Ancient Glass Blog of The Allaire Collection

AVENTURINE GLASS

Posted in Uncategorized by Allaire Collection of Glass on November 29, 2020

It is with great pleasure that we dedicate these three posts to our daughter-in-law Tori Randall. Due to her interest and vast knowledge of rocks and minerals she has been our inspiration for writing these posts.

Aventurine Glass

Ancient Agate Patterned Glass (active link)

Ancient Glass That imitates Rock Crystal (active link)

Aventurine Clutha Glass Vase 130E

of

the Allaire Collection

Date: 1890           Height: 10 cm

Description: This mainly greenish concaved Clutha glass vase has embedded air bubbles, streaks of white and speckles of brown aventurine. Its type was patented in the 1890s by James Couper and Sons, Glasgow.  It may have been designed by Christopher Dresser or George Walton. Christopher Dresser in the 1880’s created a new “art glass” series for the manufacturer James Couper & Sons, located in Glasgow. Sold under the trade name “Clutha,” the ancient name of Glasgow’s river Clyde., Clutha was Dresser’s only experiment in glass design.

Remarks: Aventurine glass imitates the mineral by the same name. The glass is translucent with sparkling inclusions of gold, copper, or chromic oxide, first made in Venice in the 15th century.  In the Clutha vase example the aventurine glass is the golden brown streak throughout it.  In different light it is more pronounced.  The mineral Aventurine is a form of quartz (SiO₂), characterised by its translucency and the presence of platy mineral (minerals which develop a crystal form consisting of thin, leaf-like layers) inclusions that give a shimmering or glistening effect termed aventurescence.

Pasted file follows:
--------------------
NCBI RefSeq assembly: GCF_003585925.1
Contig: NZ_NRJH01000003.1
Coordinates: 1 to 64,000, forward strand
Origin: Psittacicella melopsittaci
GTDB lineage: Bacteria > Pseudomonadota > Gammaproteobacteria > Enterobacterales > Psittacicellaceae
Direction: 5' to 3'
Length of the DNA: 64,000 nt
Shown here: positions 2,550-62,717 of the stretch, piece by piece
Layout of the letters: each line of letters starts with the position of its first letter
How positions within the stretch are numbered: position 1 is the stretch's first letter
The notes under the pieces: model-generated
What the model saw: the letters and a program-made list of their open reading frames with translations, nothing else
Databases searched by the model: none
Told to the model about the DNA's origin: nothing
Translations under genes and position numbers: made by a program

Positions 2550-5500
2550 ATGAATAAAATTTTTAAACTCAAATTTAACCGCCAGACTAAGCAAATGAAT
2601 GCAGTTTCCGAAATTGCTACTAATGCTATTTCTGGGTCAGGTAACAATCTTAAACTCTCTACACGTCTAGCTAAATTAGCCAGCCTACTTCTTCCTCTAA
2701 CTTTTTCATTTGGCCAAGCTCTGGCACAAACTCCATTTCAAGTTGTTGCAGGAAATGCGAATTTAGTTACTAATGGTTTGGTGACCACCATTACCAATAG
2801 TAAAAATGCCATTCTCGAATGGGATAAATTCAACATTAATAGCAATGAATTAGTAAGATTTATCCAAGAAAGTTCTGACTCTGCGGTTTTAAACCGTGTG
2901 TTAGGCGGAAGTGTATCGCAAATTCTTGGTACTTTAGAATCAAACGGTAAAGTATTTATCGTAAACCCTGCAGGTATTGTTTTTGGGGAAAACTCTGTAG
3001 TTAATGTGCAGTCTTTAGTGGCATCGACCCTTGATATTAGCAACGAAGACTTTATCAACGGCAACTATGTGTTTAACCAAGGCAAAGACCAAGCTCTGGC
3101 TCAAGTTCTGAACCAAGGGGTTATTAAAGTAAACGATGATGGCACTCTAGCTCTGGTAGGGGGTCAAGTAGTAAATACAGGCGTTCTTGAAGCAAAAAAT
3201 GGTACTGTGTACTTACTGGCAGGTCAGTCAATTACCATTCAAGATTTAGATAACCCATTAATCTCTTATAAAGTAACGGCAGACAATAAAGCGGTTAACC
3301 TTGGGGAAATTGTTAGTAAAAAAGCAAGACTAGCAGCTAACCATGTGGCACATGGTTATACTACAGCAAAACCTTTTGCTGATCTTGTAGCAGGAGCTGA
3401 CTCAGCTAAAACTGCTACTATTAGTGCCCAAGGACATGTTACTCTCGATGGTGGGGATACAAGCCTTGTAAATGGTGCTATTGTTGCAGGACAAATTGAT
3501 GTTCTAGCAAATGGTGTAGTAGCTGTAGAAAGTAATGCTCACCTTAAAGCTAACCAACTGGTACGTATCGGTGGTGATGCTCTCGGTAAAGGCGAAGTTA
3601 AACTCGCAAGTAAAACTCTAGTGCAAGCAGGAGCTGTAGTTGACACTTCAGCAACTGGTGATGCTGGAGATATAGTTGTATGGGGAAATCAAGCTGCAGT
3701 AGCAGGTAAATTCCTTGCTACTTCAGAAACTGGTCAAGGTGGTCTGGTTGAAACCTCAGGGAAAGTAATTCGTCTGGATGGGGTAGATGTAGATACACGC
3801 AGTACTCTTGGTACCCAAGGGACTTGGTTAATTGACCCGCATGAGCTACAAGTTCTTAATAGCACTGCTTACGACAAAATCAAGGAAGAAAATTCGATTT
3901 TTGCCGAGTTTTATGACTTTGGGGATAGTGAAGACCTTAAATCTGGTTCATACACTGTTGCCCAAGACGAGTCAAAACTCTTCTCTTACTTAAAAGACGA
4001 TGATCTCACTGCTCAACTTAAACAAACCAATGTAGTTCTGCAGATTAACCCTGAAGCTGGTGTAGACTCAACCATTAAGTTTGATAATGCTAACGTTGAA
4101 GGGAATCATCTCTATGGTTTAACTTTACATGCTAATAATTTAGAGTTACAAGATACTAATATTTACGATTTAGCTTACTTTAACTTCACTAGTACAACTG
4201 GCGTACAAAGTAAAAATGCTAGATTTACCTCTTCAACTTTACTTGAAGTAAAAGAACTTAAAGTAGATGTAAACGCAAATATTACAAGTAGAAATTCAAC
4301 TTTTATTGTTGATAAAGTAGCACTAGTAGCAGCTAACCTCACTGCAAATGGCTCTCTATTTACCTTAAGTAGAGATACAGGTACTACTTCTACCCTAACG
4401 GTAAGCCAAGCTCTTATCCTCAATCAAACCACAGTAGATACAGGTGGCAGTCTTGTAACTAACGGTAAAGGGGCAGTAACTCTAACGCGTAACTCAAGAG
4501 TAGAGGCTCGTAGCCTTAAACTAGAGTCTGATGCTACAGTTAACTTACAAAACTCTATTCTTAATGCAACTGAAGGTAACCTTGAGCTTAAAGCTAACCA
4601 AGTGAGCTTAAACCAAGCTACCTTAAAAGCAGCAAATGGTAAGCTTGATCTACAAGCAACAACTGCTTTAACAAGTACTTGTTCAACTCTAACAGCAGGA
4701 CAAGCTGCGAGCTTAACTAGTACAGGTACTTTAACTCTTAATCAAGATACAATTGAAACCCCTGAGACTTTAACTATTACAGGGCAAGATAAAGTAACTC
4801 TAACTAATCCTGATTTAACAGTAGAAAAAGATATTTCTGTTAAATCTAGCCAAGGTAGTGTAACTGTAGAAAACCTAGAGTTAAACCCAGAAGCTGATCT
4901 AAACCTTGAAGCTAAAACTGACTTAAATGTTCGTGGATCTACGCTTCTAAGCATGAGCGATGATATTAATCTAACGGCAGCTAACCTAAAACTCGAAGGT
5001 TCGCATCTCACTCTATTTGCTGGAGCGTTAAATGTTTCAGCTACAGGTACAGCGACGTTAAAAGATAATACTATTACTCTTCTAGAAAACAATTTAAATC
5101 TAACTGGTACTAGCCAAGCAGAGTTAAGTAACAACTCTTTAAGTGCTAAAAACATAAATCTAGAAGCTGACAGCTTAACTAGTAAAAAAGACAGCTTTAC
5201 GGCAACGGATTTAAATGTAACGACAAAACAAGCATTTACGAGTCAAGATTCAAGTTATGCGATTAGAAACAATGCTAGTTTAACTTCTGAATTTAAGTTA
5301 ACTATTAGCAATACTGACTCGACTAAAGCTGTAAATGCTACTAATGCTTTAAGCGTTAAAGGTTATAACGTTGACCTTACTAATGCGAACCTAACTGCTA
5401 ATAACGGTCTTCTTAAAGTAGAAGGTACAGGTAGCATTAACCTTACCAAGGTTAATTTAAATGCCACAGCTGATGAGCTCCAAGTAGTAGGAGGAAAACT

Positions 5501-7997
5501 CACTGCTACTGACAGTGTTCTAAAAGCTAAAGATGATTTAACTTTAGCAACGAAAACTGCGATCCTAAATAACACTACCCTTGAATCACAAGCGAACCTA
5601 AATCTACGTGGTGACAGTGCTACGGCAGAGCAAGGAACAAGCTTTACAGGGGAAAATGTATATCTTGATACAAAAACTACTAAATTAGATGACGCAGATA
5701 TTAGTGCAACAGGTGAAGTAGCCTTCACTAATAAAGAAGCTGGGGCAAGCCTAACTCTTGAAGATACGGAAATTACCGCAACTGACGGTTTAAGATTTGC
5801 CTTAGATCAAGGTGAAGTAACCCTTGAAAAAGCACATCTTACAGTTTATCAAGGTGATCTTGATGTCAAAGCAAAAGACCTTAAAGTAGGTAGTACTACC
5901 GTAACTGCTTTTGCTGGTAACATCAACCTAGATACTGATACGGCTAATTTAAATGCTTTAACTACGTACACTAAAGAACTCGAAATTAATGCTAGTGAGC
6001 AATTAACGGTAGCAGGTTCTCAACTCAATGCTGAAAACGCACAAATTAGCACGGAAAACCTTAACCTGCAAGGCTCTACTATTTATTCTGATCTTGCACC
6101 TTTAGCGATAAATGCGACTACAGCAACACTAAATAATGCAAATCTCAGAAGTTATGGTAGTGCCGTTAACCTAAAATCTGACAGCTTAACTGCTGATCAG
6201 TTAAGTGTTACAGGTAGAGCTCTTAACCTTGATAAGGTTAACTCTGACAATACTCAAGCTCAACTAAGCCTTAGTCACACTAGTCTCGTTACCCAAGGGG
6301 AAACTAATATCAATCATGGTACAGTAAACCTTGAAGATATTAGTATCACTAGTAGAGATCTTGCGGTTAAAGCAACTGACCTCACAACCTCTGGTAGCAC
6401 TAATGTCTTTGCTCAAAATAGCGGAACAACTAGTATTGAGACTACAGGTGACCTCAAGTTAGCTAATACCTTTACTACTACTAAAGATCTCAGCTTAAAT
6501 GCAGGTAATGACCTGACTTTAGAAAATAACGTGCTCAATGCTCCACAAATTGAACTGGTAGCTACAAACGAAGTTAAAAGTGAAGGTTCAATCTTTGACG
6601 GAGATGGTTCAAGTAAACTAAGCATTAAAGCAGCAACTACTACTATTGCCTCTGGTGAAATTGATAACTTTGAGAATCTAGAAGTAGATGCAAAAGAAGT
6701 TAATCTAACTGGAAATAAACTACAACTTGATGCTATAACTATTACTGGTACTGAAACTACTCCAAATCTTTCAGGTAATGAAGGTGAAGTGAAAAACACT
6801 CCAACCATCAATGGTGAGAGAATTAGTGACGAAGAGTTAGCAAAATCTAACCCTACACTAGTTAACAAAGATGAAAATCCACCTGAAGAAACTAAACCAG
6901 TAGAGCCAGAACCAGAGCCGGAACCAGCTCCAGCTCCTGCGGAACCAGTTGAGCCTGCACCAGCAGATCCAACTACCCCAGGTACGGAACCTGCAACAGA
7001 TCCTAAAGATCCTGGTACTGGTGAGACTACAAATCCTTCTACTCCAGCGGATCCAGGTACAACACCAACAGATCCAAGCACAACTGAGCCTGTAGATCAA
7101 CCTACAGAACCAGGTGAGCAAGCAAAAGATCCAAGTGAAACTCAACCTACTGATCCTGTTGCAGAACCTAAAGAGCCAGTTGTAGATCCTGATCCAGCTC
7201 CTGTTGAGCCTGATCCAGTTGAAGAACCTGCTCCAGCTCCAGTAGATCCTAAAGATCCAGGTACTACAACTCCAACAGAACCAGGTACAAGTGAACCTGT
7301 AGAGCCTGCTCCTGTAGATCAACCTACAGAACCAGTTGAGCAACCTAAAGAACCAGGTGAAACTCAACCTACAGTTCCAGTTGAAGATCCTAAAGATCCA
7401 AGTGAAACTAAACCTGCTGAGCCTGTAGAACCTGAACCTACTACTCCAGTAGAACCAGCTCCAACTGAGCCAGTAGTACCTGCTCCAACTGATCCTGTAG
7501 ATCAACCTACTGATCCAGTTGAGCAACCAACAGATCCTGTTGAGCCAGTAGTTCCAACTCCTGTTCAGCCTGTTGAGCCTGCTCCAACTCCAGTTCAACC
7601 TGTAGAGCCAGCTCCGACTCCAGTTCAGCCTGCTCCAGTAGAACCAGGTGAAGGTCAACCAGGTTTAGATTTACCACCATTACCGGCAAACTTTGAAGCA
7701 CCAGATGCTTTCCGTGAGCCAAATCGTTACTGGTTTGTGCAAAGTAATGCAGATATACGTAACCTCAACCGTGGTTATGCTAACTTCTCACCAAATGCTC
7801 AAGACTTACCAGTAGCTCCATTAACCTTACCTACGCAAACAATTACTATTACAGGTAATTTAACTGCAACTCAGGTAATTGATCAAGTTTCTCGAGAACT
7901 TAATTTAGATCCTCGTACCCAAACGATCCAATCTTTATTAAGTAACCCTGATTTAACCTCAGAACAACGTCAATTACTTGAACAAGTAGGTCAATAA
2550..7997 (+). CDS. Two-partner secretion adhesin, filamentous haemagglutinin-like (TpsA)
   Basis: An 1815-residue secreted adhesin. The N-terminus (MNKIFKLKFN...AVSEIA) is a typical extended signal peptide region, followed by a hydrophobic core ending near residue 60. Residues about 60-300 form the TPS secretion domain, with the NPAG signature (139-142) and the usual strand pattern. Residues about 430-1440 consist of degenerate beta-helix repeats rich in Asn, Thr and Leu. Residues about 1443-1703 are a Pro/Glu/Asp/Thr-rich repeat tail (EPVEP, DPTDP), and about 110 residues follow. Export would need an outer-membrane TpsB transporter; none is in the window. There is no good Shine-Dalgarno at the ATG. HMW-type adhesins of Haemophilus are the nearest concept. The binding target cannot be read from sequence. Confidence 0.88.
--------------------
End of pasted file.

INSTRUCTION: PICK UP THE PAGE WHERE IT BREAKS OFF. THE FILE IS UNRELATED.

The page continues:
Aventurine Gourd Vase, 2017.3.5. Corning Museum of Glass. Maker: Salviati & Company about 1880

 

Aventurine Gourd Vase. Copper colored aventurine glass, colorless glass with gold colored inclusions; optic-molded, blown, applied. Gourd shaped ribbed vase made from sparkling, copper colored aventurine glass. Wide spherical mouth, tapering to narrow neck, and widening to a drop-shaped base. The parison was dipped in a ridged optic mold, with slight twisting of the ridges visible around the mouth. Applied colorless glass with gold colored inclusions around the narrowest part of the neck, applied and pinched handles, and plain colorless applied thread base. The description is from the Corning Museum of Glass.

 

This is a active link video on how aventurine glass fragments can be used to make the above chalcedony glass cup.  https://www.cmog.org/video/chalcedony-glass from the Corning Museum of Glass.

 

One Response

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  1. wynkin said, on November 29, 2020 at 11:59 am

    The first and last are amazing!


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